Saturday, February 03, 2007

Episode 15 - Faith-Based Warming

Topics Covered:

Reach out and touch faith: Alex's demarcation of the science of global warming.

Relevant Links:

Wikipedia: Global Warming
CTV: Global Warming
Wikipedia: IPCC
Security Catalyst: In-Depth with Punchscan

5 Comments:

At 5:30 PM, February 03, 2007, Blogger Daryl N Cognito said...

Like a breath of fresh air in a stale debate. I loved the "from science to dogma" and thought it summed up the real issue here. I am so tired of having to be on one side or the other. It seems like we have become a society of extremes with the middle being invisible. Thanx for a well done argument for reason.

BTW, I wouldn't mind if you guys put out shows a little more often. I'm just sayin.

 
At 1:56 PM, February 05, 2007, Blogger Russell McOrmond said...

I realize that the point of the podcast was to be provocative. I not only want to respond as someone provoked, but also someone who is worried that someone might take the type of analysis you gave too seriously without also reading a necessary critique.


Here is the core of the problem with your argument: While there is a "license to be wrong" when the outcome is non-rivalrous, I don't agree this is the case when the outcome is rivalrous. There is an age old saying that says that your right to swing your cane ends at my nose. We also saw this with the smoking issue: there are still people who deny the science behind the health risks to smoking, but your right to smoke is no longer allowed to infringe on my right for smoke-free air. Smoking isn't banned from private areas, but very appropriately was banned from public areas. There was a recognition that the smoking issue was rivalrous (second hand smoke), and not a non-rivalrous issue where we could each be free to believe whatever we wanted.

To bring it into this situation, your right to be sceptical in the science or economics of climate change ends at our collective right to live, and our right to work with others to save all of our lives.

We only have one planet, and we are working at a scale where the rivalry of the situation is absolute. When we had wars in the past these were largely non-rivarous in nature, even the so-called "world wars". Even in these tragic events there was a "license to be wrong" in that no matter how large these wars grew, it was unlikely to impact all life on the planet. With nuclear weapons the scale of the impact increased, and thus the "license to be wrong" decreased.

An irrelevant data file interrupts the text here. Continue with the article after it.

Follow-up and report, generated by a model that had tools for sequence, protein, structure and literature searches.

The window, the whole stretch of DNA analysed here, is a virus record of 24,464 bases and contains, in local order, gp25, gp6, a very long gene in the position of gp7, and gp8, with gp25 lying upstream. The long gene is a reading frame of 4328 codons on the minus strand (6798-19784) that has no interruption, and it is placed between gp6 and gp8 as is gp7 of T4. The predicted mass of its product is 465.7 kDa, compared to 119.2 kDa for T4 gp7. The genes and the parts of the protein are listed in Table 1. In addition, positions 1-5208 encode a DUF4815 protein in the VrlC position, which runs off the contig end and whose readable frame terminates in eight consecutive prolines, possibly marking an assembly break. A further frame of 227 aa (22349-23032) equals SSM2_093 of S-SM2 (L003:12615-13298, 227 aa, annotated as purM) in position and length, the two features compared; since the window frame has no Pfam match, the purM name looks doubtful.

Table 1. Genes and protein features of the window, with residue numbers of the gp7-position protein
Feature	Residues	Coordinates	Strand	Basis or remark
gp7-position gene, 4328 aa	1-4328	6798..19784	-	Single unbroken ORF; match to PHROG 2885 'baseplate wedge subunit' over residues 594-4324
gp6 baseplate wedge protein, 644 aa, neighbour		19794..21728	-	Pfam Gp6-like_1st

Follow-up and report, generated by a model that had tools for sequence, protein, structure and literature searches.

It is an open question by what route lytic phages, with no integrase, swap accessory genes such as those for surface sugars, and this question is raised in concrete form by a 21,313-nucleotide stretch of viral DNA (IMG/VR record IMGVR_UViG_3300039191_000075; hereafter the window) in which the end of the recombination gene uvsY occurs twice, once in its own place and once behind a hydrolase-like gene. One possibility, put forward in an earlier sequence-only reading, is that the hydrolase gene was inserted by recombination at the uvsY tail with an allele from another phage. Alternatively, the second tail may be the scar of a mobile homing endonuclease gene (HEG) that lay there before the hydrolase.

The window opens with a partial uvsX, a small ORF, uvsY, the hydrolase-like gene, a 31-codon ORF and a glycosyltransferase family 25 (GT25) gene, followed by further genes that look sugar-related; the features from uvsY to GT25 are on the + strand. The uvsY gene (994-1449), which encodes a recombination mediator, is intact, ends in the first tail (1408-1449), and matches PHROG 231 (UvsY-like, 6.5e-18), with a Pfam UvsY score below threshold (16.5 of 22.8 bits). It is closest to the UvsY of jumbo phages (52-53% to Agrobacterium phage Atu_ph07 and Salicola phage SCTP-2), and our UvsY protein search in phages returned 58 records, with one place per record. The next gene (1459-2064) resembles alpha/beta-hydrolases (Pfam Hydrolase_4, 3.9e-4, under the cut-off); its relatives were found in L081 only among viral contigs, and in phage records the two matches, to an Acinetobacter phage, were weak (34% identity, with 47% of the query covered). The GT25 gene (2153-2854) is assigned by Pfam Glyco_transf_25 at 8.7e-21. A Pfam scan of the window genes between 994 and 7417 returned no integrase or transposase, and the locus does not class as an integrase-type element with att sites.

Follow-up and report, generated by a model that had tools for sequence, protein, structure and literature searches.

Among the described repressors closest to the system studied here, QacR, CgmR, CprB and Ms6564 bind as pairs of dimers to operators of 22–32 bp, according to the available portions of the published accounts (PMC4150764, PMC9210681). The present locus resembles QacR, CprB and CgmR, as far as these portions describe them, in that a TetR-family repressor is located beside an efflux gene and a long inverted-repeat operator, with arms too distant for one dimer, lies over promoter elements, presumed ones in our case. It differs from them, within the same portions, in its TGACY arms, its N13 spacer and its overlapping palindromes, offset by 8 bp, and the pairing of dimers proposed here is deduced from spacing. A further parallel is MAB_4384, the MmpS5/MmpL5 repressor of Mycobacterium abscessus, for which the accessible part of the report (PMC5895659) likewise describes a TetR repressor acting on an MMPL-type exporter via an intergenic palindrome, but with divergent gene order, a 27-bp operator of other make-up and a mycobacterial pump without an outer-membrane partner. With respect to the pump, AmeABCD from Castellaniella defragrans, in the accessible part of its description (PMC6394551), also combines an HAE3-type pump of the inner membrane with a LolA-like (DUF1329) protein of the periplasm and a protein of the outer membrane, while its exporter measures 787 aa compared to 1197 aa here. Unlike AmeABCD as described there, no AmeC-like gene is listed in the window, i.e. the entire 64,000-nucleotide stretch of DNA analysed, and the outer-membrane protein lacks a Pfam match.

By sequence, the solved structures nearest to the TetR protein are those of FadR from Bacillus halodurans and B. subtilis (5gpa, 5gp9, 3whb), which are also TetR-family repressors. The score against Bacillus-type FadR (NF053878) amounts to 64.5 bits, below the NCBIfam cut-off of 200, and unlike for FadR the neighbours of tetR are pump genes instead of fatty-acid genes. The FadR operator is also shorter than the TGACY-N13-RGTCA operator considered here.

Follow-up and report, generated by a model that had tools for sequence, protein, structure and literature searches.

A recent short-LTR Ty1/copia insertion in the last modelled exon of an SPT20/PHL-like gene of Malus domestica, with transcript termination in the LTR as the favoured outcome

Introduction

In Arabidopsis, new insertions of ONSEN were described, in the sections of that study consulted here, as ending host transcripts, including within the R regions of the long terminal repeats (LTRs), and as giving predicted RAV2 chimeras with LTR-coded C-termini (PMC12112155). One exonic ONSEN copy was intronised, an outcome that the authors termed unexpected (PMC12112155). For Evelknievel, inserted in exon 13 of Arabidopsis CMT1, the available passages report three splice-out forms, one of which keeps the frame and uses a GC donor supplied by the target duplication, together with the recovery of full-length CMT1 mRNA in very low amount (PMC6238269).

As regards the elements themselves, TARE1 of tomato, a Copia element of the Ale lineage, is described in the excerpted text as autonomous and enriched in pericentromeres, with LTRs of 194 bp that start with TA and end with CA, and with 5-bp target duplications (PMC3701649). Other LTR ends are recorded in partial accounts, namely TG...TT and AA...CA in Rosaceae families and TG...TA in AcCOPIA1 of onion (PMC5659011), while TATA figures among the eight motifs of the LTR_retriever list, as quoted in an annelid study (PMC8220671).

Lets take as a given that our understanding of science is never 100%. I don't mean by this the lack of understanding in the general public, but the uncertainty that exists with all science given we as a species are often just learning. Whenever I look at a political decision based on information that is not 100% known I look first at the impacts of the extremes.

Say the science is right and we don't act: worst case scenario is that major parts of our planet become uninhabitable, making the worst of our world wars look like a mosquito bite being compared to amputation.

Say the science is wrong and we acted anyway: after a minor bump from a transformative change our transportation systems, our industries, and other major parts of our economy become more efficient, we become more innovative, etc. The impact to the economy, which seems to be the only potential "negative" to acting, appears to be no different than any other transformative changes we have seen in the past from the invention of the electric lightbulb, the automobile, or the Internet. Some businesses might have been harmed in the short term, but overall the economy was better off for these transformative changes. Some of these changes are just stepping stones towards the future, such as the private automobile which I consider to be an inefficient technology (and more than just in terms of energy) that needs to be replaced by more modern and efficient transportation technologies.


I pride myself on being a skeptic about pretty much everything, and I always challenge my assumptions. I always presume that I can be wrong, so subject nearly all my decision making to the type of "what is the worst case" analysis.

When I look at the question of responding to climate change, analysing it as I did above, I simply don't see the point of spending too much time being sceptical about the science in a way that drives us away from action. Even if there was only a 10% chance that the current beliefs about the science of climate change were true, I still believe we should be acting. I happen to believe that there is more than a 90% chance it is true, but that is secondary to my "worst case comparison" analysis.